Live: Catch Fever/American Fangs/Featherface/BLSHS
WAREHOUSE LIVE — 2/21/14: Houston, yes, we’re rocking these days! There must have been four concerts I wanted to attend on this particular night, but I chose the Catch Fever Shiny Eyes CD release party. Catch Fever is a relatively new band, so they were very smart to assemble an absolutely killer and musically diverse Houston-based lineup for their big night. It brought me out early and kept me at Warehouse Live all evening.
First on the bill was BLSHS. Like Catch Fever, BLSHS (pronounced “blushes”) are also a relatively new group; this was my second time to see them live. I must have been in a bad mood the first time I saw them, because I didn’t really click with them, though I heard potential. This time I let go of my reservations (that they sound too ’80s for me, and I lived through the ’80s) and let their electronic pop music wash over me.
Singer Michelle Miears‘ voice soars and floats effortlessly over the rhythms and melodies of Chris Gore and Rick Carrouth‘s synthesizers. Sometimes her voice almost reminded me of Jimmy Sommerville from The Communards — that’s meant as high praise, because he practically owned this style in the mid-’80s.
They also have a Book of Love vibe, to boot, although they definitely add some new technology into the ’80s mix. Obviously, people are going to compare them to CHVRCHES, but certainly over the next year BLSHS will separate themselves from my simple-minded comparisons as they hone in on their own sound. They’re well on their way!
Featherface were up next. If you read my ramblings, you know that Featherface have been one of my favorite Houston bands for three years now, and they keep getting better. If you still don’t know the Featherface sound, well, they’re harmony-heavy power-pop with a psychedelic twist. You would think that this genre wouldn’t have much room left for originality, but amazingly, Featherface sound like nothing I can quickly compare them to. They just sound like four kids from the suburbs making great original music.
I really like that they’ve kept that youthful feel. And as far as expanding their sound goes, they did a psychedelic jam in their final song that sounded like nothing I’ve heard from them. I immediately told their bassist, Jake Harris, “more of that!”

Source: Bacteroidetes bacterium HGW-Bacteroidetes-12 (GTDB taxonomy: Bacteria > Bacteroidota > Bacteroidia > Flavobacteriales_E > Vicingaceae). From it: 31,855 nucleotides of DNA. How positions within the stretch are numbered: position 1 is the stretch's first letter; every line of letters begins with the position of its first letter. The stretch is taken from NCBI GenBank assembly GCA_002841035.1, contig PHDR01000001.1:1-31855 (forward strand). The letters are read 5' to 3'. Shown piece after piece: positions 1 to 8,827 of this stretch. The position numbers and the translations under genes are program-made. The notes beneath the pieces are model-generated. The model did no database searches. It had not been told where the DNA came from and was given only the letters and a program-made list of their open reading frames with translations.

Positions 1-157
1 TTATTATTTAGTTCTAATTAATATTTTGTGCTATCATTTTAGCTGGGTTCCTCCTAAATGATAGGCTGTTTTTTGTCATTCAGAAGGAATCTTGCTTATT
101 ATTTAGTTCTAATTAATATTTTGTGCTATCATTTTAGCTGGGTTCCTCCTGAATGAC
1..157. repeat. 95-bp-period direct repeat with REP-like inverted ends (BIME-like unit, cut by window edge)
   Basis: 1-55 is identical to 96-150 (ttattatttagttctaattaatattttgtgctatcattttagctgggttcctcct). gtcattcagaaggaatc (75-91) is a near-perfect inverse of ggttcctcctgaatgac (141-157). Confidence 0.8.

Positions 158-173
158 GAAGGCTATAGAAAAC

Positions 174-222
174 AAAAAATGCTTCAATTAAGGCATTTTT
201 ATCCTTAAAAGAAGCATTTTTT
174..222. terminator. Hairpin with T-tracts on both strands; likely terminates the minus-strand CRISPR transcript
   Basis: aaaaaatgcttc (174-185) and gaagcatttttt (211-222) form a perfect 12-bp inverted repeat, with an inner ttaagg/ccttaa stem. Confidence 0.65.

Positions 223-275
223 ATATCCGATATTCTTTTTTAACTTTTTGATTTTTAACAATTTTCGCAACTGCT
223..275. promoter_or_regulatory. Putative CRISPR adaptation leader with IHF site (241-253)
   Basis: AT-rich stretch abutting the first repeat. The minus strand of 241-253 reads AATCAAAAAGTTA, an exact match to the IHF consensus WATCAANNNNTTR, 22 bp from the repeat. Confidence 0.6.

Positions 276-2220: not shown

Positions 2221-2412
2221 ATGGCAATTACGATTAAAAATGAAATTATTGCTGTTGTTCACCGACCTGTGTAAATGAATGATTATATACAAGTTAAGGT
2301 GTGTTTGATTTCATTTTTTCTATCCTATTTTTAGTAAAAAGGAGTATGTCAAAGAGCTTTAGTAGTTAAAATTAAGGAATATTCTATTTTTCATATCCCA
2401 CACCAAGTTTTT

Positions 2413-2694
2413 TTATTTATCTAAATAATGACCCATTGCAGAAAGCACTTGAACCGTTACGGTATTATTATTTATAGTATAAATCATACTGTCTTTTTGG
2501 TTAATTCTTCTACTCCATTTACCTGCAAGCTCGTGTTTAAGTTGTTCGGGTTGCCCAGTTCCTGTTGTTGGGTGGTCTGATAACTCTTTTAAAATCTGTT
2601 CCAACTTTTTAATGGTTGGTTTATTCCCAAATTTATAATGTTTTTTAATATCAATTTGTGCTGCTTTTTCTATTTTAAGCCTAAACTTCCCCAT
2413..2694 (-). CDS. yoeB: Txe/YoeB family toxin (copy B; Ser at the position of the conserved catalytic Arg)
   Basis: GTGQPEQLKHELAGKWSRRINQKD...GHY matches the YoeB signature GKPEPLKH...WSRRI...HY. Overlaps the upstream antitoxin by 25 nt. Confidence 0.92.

As if these two bands weren’t enough, we were next treated to American Fangs. The Fangs put out one of my top 20 albums last year — not just from Houston, either, but from anywhere! So it was great to see them (for the first time since last year’s FPSF) again. Years and years of solid touring, opening huge shows for national bands that I am way too snobby and hipster to listen to (Papa Roach, Sevendust) have tightened American Fangs’ show down to a science. Just…wow.
And my first thought after they were done was that I wouldn’t want to have to follow that. It’s as if, being the perennial opening act, they have a chip on their collective shoulders. Every time they play out of town, they’re on a mission to win over the headliner’s fans. That can’t be an easy task, but at Warehouse Live, they were on their home turf and rocked a packed crowd of hometown fans. I’m sure for them it was a night to remember.
Finally we get to Catch Fever, who were having their big night. When you put out a CD, it’s almost like having a baby. Okay, I guess all the moms out there will be upset with the comparison, and never having had a baby, I don’t know if it’s that painful, but it is quite an ordeal to put out an album. Months of writing songs, recording, mixing, mastering and having arguments with the mastering engineer, hiring artists and/or designing artwork, buying and duplicating the albums, and on and on. And then you finally put it all out there with a giant party.
And then you realize…ten thousand other bands are doing the same thing in 2014. It’s heart-wrenching. But you do it, because that’s what you do in a band. All musicians are addicts. We all need to be heard. And honestly, that’s why I photograph and write about bands — because I want to be heard! So I do my part to make the other guys/gals get their just due.
Okay, back to Catch Fever: they brought it. First off, singer Taylor Huffman has an amazing tenor voice. That alone is enough to carry this band, but fortunately, they also have good songs and an excellent rhythm section (bassist Josh Wilson and drummer Doug Andreano). I was excited and surprised to find out they were only a three-piece (being in a three-piece band myself, I gravitate toward the “power trio”).
When I listened to their songs on Soundcloud, they instantly brought the band Dredg (a five-piece band from the San Francisco area) to mind. If you’re a Dredg fan, you will go immediately one way or the other with Catch Fever — you might like them because of the similarities (that’s what I felt), or you might be turned off and think their sound walks the line a little too closely to Dredg, which would be understandable.
Of course, if you’ve never heard of Dredg, then you won’t have to worry about that. In that case, you might compare them to other mid-2000s emo bands; Cave In comes to mind. God, I loved Cave-In during their “not too hardcore” era (Antenna is a must-hear!).
Anyway, Catch Fever played a relatively short set, leaving me wanting a little more — which is a great way to get me back to see them again, hopefully soon. END
Photos [top to bottom]: BLSHS; Gabe Cavazos (American Fangs); Josh Wilson (Catch Fever); Catch Fever. All photos by Jason Smith.)
[Catch Fever plays 7/18/14 at Fitzgerald’s, along with Otenki, Southerland Nights, Karma Points, & Spencer Fort.]